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San Francisco soft robotics startup Breeze Automation made its debut today onstage at TechCrunch’s TC Sessions: Robotics + AI event at UC Berkeley. Co-founder and CEO Gui Cavalcanti joined us onstage at the event to showcase the contract work the company has been doing for organizations like NASA and the U.S. Navy.
Cavalcanti last joined TechCrunch onstage in September 2016, decked out in aviator sunglasses and full American flag regalia as a co-founder of fighting robot league MegaBots. These days, however, the Boston Dynamics alum’s work is a lot more serious and subdued, solving problems in dangerous settings like under water and outer space.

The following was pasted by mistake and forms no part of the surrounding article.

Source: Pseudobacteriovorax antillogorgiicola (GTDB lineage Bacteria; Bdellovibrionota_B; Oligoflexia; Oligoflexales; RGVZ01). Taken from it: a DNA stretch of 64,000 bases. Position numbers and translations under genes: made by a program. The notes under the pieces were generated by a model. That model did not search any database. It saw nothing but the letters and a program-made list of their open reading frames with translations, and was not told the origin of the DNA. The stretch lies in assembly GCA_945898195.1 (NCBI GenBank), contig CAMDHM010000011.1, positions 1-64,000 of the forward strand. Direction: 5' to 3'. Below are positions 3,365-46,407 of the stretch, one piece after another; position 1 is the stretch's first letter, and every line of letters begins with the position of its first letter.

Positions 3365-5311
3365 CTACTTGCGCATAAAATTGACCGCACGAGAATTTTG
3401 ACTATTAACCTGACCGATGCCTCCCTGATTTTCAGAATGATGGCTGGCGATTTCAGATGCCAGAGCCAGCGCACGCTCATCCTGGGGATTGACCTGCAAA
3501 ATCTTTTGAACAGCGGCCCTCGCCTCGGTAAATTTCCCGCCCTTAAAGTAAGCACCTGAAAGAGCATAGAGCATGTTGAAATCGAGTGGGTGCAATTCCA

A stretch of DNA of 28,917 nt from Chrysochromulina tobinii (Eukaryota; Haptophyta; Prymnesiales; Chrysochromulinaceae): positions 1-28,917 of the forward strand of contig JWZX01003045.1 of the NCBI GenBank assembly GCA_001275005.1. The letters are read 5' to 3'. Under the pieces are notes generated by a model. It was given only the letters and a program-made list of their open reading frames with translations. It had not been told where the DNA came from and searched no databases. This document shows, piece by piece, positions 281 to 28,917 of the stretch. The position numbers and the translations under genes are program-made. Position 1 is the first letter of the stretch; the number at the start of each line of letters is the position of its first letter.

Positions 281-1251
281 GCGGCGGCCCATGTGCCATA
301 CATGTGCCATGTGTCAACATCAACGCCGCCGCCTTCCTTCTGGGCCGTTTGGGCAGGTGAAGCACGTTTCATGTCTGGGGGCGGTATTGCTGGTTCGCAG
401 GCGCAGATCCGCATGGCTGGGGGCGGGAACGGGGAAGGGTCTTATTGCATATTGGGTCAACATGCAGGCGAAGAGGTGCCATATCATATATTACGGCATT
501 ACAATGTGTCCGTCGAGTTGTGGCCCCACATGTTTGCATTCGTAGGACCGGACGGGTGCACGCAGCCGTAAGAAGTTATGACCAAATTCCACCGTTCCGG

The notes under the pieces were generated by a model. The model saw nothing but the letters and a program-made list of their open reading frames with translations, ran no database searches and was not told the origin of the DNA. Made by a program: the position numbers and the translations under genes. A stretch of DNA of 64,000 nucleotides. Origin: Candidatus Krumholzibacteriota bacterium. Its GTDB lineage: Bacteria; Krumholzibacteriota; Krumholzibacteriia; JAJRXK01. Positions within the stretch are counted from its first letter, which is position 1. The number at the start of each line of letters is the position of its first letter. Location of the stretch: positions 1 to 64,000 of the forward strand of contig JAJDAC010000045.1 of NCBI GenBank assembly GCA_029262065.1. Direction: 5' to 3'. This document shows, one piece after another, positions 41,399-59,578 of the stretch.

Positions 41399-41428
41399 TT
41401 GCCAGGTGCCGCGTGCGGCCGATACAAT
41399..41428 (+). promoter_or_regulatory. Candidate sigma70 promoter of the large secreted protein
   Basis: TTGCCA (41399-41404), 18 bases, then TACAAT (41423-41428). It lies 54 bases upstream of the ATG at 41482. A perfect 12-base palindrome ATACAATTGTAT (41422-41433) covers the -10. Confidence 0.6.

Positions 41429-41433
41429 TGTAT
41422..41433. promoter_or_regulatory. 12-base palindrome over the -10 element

Part - San - Francisco - R - D
Developed as part of San Francisco R&D facility Otherlab, Breeze leverages the concept of highly adaptable soft robotics. The company’s robotic arms are air-filled fabric structures.
“The concept Otherlab has been developing for around seven years has been this idea of Fluidic Robots, hydraulic and Pneumatic Robots that are very cheap,” Cavalcanti told TechCrunch in a conversation ahead of today’s event. “Very robust to the environment and made with very lightweight materials. The original concept was, what is the simplest possible robot you can make, and what is the lightest robot you can make? What that idea turned into was these robots made of fabric and air.”
Breeze - Competition - Robotics - Space - Principles
Breeze separates from much of the competition in the soft robotics space by applying these principles to the entire structure, instead of just a, say, gripper on the end of a more traditional robotic arm.
“All of that breaks down the second you get out of those large factories, and the question of how do robots interact to the real world becomes a lot more...
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